posted on Mar, 1 2017 @ 12:23 PM
originally posted by: esteay812
a reply to: TheBadCabbie
Thanks for the comment. I haven't had any plans to make any money from something like this or really do anything more than share the build with a few
people on the internet. It's only been a few days since I posted this, so I haven't had any problems from posting it yet, I don't think I will. Maybe
I would have problems if I were trying to mass produce it or pushing hard for a lot of people to see it and build their own.
I agree, I don't think you'll have any trouble over it either. I would imagine worst case it will probably just get deleted or something like that.
Perhaps if it were a more sophisticated device that you had obviously spent a lot of time developing, that might attract unwanted attention. Also, as
you said, maybe trying to sell it or promote it too much. Anyhow, I would be curious to hear if you do get any hassle from it.
The historical figures I listed in an earlier quote are just the ones who got some press at the time. It's a safe bet there were a lot more who we
never heard of. A lot of folk myths I've had recounted to me over the years on this one. A simple vapor carb on an old V-8 Ford motor, fabricated
from simple materials(tin cans, steel wool, and duct tape), yielding a reported fuel economy of 70 mpg. A private club of auto enthusiasts, who used
to have a contest to run the most fuel efficient vehicle every year. Using older domestic four cylinder engines(140-180 CID range? I think), they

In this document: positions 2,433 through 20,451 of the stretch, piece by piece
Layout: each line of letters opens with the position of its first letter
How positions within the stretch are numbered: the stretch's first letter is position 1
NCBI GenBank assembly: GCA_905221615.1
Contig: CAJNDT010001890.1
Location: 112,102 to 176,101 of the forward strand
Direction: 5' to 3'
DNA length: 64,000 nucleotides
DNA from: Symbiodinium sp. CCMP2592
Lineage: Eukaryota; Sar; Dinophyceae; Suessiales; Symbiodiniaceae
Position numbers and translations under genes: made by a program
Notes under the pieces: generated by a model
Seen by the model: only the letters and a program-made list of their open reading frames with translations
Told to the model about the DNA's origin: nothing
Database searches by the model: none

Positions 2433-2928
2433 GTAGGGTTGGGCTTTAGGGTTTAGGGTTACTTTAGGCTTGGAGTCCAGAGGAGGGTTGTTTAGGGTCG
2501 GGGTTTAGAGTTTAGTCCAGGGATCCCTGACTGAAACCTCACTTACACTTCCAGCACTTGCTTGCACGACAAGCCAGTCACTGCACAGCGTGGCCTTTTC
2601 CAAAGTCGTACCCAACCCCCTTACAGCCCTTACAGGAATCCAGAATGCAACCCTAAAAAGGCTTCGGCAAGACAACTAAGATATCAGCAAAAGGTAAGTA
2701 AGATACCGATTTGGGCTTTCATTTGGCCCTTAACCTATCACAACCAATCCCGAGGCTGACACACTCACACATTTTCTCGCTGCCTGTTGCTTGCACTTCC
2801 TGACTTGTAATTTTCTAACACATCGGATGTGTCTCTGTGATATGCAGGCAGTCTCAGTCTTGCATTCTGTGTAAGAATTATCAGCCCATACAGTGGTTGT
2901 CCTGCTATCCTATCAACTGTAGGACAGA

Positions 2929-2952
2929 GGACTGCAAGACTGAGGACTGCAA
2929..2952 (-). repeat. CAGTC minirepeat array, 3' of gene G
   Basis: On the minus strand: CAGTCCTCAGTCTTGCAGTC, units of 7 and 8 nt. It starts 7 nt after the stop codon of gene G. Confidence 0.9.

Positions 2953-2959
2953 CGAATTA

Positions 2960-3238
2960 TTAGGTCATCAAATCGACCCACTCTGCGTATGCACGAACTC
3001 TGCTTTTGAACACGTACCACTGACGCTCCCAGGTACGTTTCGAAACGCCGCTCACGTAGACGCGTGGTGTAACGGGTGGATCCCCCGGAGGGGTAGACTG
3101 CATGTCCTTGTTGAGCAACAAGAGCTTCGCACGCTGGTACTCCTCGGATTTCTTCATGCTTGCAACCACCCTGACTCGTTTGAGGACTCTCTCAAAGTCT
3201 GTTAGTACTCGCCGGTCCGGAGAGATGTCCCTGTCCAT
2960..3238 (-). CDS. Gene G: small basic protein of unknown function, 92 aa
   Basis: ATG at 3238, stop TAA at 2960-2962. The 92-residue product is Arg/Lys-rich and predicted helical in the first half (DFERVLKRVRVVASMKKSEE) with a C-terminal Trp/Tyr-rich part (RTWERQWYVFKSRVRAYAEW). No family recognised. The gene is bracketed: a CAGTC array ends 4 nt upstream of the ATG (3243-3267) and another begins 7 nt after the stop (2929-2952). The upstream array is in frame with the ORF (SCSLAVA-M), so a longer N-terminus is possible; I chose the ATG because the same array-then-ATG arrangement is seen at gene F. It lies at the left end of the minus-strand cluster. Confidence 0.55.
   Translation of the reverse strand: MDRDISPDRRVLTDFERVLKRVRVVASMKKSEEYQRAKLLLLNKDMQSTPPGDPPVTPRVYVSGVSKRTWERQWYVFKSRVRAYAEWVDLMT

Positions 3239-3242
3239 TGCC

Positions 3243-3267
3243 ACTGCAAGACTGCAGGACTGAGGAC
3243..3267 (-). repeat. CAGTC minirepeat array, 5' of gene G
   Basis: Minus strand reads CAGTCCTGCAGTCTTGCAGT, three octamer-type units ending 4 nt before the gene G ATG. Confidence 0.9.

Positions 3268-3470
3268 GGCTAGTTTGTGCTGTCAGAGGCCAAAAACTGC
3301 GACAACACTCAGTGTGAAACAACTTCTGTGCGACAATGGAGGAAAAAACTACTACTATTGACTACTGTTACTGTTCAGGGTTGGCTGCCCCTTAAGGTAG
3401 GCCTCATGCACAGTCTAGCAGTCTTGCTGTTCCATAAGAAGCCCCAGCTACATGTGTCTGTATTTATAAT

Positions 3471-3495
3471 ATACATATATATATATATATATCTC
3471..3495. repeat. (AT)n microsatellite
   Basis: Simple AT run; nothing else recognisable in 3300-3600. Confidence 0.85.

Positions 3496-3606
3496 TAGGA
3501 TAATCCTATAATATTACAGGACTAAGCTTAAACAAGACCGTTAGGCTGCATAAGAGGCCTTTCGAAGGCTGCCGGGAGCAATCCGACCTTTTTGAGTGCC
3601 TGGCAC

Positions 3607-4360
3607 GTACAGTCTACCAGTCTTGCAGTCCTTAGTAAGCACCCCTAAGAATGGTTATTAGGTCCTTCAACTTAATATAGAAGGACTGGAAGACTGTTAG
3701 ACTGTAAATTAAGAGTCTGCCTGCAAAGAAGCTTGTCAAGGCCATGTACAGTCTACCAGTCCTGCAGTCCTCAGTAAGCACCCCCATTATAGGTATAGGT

routinely achieved 1000+ miles per gallon. He said the most common approach was to run a series of long pipes up from the fuel tank, though there
were of course other designs. I know 1000 mpg sounds unlikely. I can't verify these tales, I can only share them.
As to the science of your device, that's pretty simple as you already know, though I'll type it out here for the readers. Gasoline doesn't burn as a
liquid. It only burns as a vapor. All manufactured fuel systems introduce the fuel into the engine intake air stream as a liquid, hoping it will
vaporize before it is ignited. Some of it does, but usually most of it doesn't and is wasted. If the gasoline can be vaporized as it enters the air
stream, the engine can be run much more efficiently, using a lot less gasoline.
Why is this flaw built into our gasoline engines? Well that's a good question, reader. Quite simply, I believe this is a conspiracy. I think it's
more about power than money too. If we all got twice the fuel economy, that really wouldn't hurt the oil companies as much as you might think. They
could just double their prices and still make the same amount of money. Cut production even, and still make their money. The average person,
however, would be much more energy independent if we all had much more efficient engines. This is what I think is truly at the heart of this